Prime Minister Justin Trudeau and the country’s provincial and territorial leaders will meet in Ottawa over the next two days as Canada grapples with the fallout from the COVID-19 pandemic and cratering oil prices that could blow big holes in public finances.
The premiers met in December for an emergency meeting of sorts to address the threat to national unity posed by rising political and economic frustration in Alberta and Saskatchewan over their place in the federation. The leaders agreed unanimously to push Ottawa to rework the fiscal stabilization program — a fund for provinces facing sudden financial shocks — and take a second look at Bill C-69, the federal government’s overhaul of the environmental assessment regime.
But a meeting that was initially called to address the political alienation of Alberta and Saskatchewan — and some of the health-care funding concerns of other provinces — has picked up some more agenda items in recent days.
Ontario Premier Doug Ford and some of his top cabinet ministers are holding a news conference in Ottawa beginning at 9:30 a.m. ET and CBCNews.ca is carrying it live.
The outbreak of COVID-19 — which has infected dozens of Canadians and killed one — and the threat it poses to Canada’s economic outlook will also be up for discussion among the country’s leaders today and tomorrow.
New Brunswick Premier Blaine Higgs said late Wednesday he is debating whether he should come up to Ottawa at a time when COVID-19 is threatening public health. Yukon Premier Sandy Silver has already cancelled.
Higgs said the meeting is “very important” given the national health and economic threats abroad, but he questioned if it was “prudent” for the country’s leaders to gather in one spot.
“We’ve actually connected with Ottawa and our colleagues and considering, can we do this on a video conference? Can we look at this another way? If we’re asking people to stay home, should we be doing the same thing?” Higgs said in an interview with CBC’s Power & Politics.
Manitoba Premier Brian Pallister has delayed his flight out of Winnipeg until later on Thursday after the NDP opposition in that province successfully managed to delay the tabling of the provincial budget, pushing back his departure. A spokeswoman for the premier said Pallister is hoping the budget will be introduced early Thursday.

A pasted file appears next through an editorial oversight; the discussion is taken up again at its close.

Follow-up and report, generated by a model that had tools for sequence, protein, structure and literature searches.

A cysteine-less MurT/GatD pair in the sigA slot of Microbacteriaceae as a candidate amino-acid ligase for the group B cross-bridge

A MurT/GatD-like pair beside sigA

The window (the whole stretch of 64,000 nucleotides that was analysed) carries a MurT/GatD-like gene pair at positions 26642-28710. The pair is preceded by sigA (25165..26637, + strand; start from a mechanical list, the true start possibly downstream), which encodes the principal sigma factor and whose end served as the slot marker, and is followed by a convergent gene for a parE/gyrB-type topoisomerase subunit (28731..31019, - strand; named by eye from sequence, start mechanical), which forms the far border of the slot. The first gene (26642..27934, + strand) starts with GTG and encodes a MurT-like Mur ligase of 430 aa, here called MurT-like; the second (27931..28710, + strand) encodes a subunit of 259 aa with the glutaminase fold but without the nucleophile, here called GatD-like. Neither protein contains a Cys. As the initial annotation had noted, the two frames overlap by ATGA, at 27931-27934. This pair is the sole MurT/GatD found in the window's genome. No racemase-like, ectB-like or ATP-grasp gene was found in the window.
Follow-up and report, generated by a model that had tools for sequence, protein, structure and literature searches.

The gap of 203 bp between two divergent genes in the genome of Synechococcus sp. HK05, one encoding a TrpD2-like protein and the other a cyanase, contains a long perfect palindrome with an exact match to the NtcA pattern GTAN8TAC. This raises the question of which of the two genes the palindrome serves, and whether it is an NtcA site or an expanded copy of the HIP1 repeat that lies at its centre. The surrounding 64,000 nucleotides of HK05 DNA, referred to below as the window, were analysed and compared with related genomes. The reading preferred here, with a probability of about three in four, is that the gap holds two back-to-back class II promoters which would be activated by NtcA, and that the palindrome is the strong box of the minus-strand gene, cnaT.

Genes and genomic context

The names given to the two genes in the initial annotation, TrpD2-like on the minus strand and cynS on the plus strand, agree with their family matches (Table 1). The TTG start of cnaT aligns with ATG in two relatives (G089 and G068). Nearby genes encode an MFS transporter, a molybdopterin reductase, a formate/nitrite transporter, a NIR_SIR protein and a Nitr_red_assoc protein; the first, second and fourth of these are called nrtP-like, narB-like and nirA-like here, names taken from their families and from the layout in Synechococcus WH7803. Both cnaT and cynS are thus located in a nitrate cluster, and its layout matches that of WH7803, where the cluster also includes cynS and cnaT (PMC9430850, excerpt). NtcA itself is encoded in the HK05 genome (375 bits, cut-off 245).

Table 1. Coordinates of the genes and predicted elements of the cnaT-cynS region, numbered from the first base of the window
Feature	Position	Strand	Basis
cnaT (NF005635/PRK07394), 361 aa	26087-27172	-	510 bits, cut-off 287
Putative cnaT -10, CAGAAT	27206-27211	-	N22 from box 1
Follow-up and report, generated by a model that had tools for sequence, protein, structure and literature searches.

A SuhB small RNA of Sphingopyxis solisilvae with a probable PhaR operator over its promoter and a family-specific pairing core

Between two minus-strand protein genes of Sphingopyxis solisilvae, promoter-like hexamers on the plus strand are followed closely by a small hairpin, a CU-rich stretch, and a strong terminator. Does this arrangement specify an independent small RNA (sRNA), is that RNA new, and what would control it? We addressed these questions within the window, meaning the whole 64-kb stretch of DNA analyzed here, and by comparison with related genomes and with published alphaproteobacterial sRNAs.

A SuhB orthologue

The weeks-long Indigenous-led rail blockades also will be discussed, with national Indigenous leaders scheduled to meet with the prime minister and premiers later today. Those blockades crippled the country’s transport network and left CN Rail trains idling for much of February.
Supporters of the Wet’suwet’en hereditary chiefs opposed to the Coastal GasLink pipeline in northern B.C. are planning solidarity protests near the site of the meeting as they renew their calls for TC Energy, the pipeline proponent, to leave the area.
At least one premier said the first ministers’ meeting shouldn’t be bogged down by discussions about “fashionable” issues. Alberta Premier Jason Kenney said the group should be laser-focused on the economy.
“We need this government to get refocused on the economy — enough about dealing with every fashionable issue out there and the virtue-signalling and the UN Security Council and all the rest of it,” Kenney told reporters before he boarded a flight to Ottawa Wednesday.
“We are facing an economic crisis in Canada and we need the national government to act accordingly with total focus on that issue.”
The stock market has seen wild swings over the last two weeks and the price of West Texas Intermediate (WTI), the U.S. oil price benchmark, has cratered due to anxiety over COVID-19 and a conflict between major world oil producers on production levels.
Saudi Arabia and Russia were unable to agree last weekend on production cuts to bolster the global price. That sent WTI into a tailspin — it dropped 24 per cent on Monday and fell even lower Wednesday. The industry now faces the possibility of increased production at a time when demand for more oil is weak.
It costs Canadian producers more than either of those two countries to get a marketable barrel of oil out of the ground.
Both Alberta and Ottawa projected WTI would trade in the high US$50 range for much of the year. On Wednesday, the price was roughly US$33.
The average per barrel operating cost for a surface mining operation in Alberta’s oilsands is about C$27 — which means that if oil prices stay at these levels over the medium term, many operations will be unprofitable, will fail to generate free cash flow and could be forced to shut down and issue pink slips to thousands of workers.
In 2015, the federal Department of Finance estimated that every $1 decrease in the price of oil would result in a reduction in tax revenues of roughly $150 million. That means Ottawa already is facing the loss of $3.6 billion in tax revenue this year because of the wild gyrations in the price of oil.
The situation is much worse in Alberta. For ever $1 decrease in the price of WTI, the province can expect to lose $355 million in revenue.
Fiscal stabilization program
To address these shocks, Kenney will come to Ottawa to ask the federal Liberal government to bolster the stabilization program to help cover some of those budget shortfalls by removing per capita limits on the money available to provinces.